Also, a technicality in how the appellate court’s ruled could also positively impact Michigan residents, Kaplan said. Should the high court rule that states that don’t recognize same-sex marriages apply a “higher level of scrutiny” when deciding future cases, “The government has to show more justification to support the constitutionality of discrimination,” Kaplan said. “That certainly can benefit our state.”
In February 2011, the Obama administration concluded that DOMA was unconstitutional and wouldn’t defend it in court. In May, President Obama announced his support for same-sex marriages.
The case challenging Prop 8 in California has a potentially much broader impact than the Windsor case: It could end all same-sex marriage bans in 31 states. However, it could also have a demoralizing effect should the Supreme Court overturn a lower court decision.
In 2008, California voters approved a ballot initiative defining marriage as between a man and a woman after the California Supreme Court ruled that same-sex couples were allowed to marry. Federal District Judge Vaughn Walker’s August 2010 ruling and an appellate court ruling upholding Walker’s decision to overturn Prop 8 were stayed, meaning same-sex partners have been unable to get married in California since Prop 8 passed, pending appeal.
Kaplan said there’s three potential outcomes of the Prop 8 case: the Supreme Court makes it about marriage equality in general and strikes down same-sex marriage bans in all states, making Michigan’s unconstitutional; the court rules only on the referendum in California, saying it took away the legal right for same-sex partners to marry; or the court rules that states have a right to deny gay couples the right to get married and ballot initiatives — like Michigan’s in 2004 — are constitutional.
Melanie Jacobs, a professor at Michigan State University’s College of Law, says a lot hinges on the court decisions.
“What I think is interesting and maybe relevant is: This could mean a lot or it could mean nothing,” she said. “Living in Michigan, we’re kind of in a wait and see mode.”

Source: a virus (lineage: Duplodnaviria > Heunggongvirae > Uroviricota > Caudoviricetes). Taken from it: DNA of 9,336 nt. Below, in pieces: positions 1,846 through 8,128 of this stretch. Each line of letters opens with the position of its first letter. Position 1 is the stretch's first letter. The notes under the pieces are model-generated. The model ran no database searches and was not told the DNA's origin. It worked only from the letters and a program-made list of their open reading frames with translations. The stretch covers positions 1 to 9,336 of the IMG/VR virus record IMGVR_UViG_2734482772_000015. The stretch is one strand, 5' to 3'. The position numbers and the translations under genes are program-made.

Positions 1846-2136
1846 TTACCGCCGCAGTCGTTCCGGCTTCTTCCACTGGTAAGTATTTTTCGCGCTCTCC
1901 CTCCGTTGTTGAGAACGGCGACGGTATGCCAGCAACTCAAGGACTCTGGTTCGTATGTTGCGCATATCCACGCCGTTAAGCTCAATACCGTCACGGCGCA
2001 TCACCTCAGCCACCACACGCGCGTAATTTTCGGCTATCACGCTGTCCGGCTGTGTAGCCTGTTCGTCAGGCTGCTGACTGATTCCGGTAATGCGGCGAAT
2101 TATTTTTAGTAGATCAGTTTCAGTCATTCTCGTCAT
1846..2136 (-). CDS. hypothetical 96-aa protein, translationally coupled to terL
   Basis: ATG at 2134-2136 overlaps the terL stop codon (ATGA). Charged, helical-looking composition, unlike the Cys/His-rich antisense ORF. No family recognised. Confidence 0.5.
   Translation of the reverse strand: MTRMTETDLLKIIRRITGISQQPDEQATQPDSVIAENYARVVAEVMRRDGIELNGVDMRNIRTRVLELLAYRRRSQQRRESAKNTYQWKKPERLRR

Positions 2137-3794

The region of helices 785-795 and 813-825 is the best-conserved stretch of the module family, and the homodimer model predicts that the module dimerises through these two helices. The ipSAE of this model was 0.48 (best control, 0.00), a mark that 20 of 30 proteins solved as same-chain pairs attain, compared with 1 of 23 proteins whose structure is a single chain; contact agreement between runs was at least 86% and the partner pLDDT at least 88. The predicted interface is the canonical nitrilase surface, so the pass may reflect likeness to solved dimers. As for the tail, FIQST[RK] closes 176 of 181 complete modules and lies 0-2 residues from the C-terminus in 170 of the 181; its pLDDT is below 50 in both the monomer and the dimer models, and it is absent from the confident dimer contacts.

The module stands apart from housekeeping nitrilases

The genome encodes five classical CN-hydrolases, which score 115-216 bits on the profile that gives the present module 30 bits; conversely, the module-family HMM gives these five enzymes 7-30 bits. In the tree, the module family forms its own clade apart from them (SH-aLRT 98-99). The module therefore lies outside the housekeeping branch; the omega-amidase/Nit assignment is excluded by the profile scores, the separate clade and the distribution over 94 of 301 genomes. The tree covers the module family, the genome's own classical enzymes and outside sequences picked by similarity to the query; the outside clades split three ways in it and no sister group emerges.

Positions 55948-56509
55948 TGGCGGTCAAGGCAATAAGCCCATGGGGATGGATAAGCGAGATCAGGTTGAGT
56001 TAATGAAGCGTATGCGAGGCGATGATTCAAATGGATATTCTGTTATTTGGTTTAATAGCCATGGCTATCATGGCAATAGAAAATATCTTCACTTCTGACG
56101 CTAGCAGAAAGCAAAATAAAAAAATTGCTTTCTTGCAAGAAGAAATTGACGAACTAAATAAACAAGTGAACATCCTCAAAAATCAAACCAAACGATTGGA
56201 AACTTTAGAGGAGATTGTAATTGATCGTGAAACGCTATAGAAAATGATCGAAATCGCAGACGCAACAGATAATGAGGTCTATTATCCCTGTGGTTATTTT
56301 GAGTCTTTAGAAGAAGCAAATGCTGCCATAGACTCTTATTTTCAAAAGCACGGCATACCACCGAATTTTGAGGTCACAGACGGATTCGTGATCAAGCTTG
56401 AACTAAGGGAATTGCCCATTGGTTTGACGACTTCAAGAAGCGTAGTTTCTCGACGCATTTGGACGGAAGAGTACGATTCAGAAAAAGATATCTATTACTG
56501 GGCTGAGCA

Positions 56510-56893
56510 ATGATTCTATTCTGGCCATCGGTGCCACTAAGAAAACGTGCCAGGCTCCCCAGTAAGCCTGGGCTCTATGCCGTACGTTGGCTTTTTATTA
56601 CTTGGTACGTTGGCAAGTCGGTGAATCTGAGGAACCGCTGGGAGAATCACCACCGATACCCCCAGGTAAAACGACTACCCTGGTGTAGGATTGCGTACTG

At the heart of these cases is whether gays and lesbians who seek to marry are afforded equal protection under the Constitution as opposite-sex partners. Jacobs believes that a “social tide change” seen throughout the country — statewide and national polls now suggest a majority of Americans support same-sex marriage — will lead to the court striking down DOMA.
As for Prop 8? “Several years ago, I sat in a classroom with a group of professors around the university talking about the California case. I believe I did predict the Supreme Court would recognize the right of marriage equality,” she recalled. She’s keeping her bet. “I don’t know if I should bet my house on it — it may just be wishful thinking. But I’m an optimist.”
Either way, Kaplan called the U.S. Supreme Court’s decision to take the cases “momentous and historic.”
“It’s definitely a turn of the tide,” he said.
Lansing City Clerk Chris Swope, who married his partner, Brad Rakowski, eight years ago in Canada, echoes the importance of the cases and for their possibility to affect him personally. Should DOMA be struck down, he said, they might qualify for federal benefits like inheritance rights and not paying taxes on health insurance — the same protections afforded to straight couples.
Upon hearing the announcement Friday, Swope said he was “surprised and excited.”
“I’m hoping they will broadly expand the rights of gay couples,” he said. “Clearly our society has come around.”